Up To Everyone … UP2U’s protein electrolyte waters contain a blend of native whey protein, naturally occurring electrolytes and essential carbs to help recover from a workout or need onthe-go sustenance to fuel a busy day. MSRP: $36.99 (for a 12-pack) 45

Ice, Ice Baby … ProTec’s CryoSteel Ice Recovery Roller is a cold therapy tool to expedite muscle or injury recovery. The ice massage helps to reduce inflammation while mobilizing soft tissue and stays cold for more than one hour, providing multiple ice massage applications per freeze. MSRP: $29.95

On Your Guard … The Go Guarded ring is a self-defense ring with a blade on runners’ fingers offering protection when needed. The Go Guarded Ring is a ring with a hidden blade and securely attaches to runners hands so it cannot be taken. MSRP: $14.99

Cork It … Fulton’s Athletic Insole is designed to add support, stability and cushion and to help prevent injury by aligning the body and absorbing shock with each step. The cork foundation naturally molds to the runners’ arch, providing customized support. MSRP: $48

© 2023 Diversified Communications

#TRE22 Sneak Peek


In these following pages presenters

Plus there’s the Training Camp Theater

scheduled for the education program

right on the show floor during TRE, along

at The Running Event 2023, in Austin,

with Brand Education and, of course,

TX, tell us what attendees can expect to

Pickleball (see page 32) and a few other

take back to their stores if they attend

surprises for attendees looking for some-

their session. There’s a lot to learn!!!

thing special.


© 2023 Diversified Communications

LIGHTSPEED Coming Early 2024 Fast, Lightweight, Grippy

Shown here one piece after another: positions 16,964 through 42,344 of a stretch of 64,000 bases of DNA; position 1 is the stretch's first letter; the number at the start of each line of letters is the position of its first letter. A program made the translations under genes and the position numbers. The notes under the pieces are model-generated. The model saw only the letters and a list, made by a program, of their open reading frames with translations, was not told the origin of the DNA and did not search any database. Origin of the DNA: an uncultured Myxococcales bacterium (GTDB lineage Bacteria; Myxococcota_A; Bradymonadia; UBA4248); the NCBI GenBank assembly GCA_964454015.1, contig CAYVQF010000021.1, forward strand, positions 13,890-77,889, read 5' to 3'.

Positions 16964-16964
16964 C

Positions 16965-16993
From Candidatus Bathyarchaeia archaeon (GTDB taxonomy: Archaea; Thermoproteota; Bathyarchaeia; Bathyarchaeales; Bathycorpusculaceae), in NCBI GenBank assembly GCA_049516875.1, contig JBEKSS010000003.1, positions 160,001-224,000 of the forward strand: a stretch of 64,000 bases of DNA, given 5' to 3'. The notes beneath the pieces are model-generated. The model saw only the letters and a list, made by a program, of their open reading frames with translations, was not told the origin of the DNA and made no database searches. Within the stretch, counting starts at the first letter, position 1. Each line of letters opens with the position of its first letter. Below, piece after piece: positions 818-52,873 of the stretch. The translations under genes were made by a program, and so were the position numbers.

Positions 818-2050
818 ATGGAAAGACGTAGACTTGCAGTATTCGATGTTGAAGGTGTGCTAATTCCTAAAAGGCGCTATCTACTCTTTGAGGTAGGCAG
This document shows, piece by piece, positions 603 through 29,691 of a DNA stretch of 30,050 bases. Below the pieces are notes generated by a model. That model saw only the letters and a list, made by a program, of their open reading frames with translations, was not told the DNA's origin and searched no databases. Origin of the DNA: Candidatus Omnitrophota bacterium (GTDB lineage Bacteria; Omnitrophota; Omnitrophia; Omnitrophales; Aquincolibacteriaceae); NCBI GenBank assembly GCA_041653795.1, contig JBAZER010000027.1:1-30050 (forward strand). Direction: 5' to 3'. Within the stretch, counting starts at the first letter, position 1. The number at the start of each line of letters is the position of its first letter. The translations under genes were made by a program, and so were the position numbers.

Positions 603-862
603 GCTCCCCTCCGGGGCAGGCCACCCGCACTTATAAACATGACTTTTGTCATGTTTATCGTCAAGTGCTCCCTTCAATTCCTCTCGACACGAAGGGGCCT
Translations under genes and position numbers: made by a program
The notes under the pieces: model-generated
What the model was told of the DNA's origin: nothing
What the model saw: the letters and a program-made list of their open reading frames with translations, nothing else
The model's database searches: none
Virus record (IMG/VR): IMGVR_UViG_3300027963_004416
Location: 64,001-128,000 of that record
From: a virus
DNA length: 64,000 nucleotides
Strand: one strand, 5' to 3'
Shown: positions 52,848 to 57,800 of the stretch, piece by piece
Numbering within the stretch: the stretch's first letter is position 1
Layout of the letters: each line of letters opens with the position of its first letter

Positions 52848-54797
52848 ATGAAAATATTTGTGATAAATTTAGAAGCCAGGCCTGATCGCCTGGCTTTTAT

MAXx2 Coming Early 2024 Versatility, Performance, Comfort




A PERFECT FIT Pedorthics and Run Specialty When: Tuesday, Nov. 28; 3:30 p.m. Speaker: Robert S. Schwartz, CPed, Executive Director of the Pedorthic Footcare Association (PFA), and President and CEO of Eneslow Pedorthic Enterprises Have you ever wondered exactly what or who pedorthists are and what they do — and how they can benefit your run specialty store? Well, Robert Schwartz is ready to not only answer those questions, but to also provide guidelines into how and why an increased emphasis on pedorthists can help expand the business for the typical run specialty retailer. He certainly has the credentials. Eneslow, founded in 1909 in New York, includes two retail stores and and the Eneslow Pedorthic Institute has been educating retailers, allied healthcare professionals and consumers on the benefits of footwear, orthotics and shoe modifications since 1995. Today, Schwartz is particularly excited about the future and potential growth of the pedorthic profession and as executive director of PFA, the voice of all pedorthists, he is leading the effort to increase pedorthists in America from 2000 to 20,000. That’s where run specialty comes in. The diabetic epidemic is causing millions of Americans to suffer from foot disorders that lead to ulcers and amputations. As a result, PFA’s mission is to end footwear-related ulcers and amputations. Schwartz says he is seeing these customers in his stores and is eager to see more people trained in pedorthics so that PFA’s mission can be accomplished as soon as possible. 48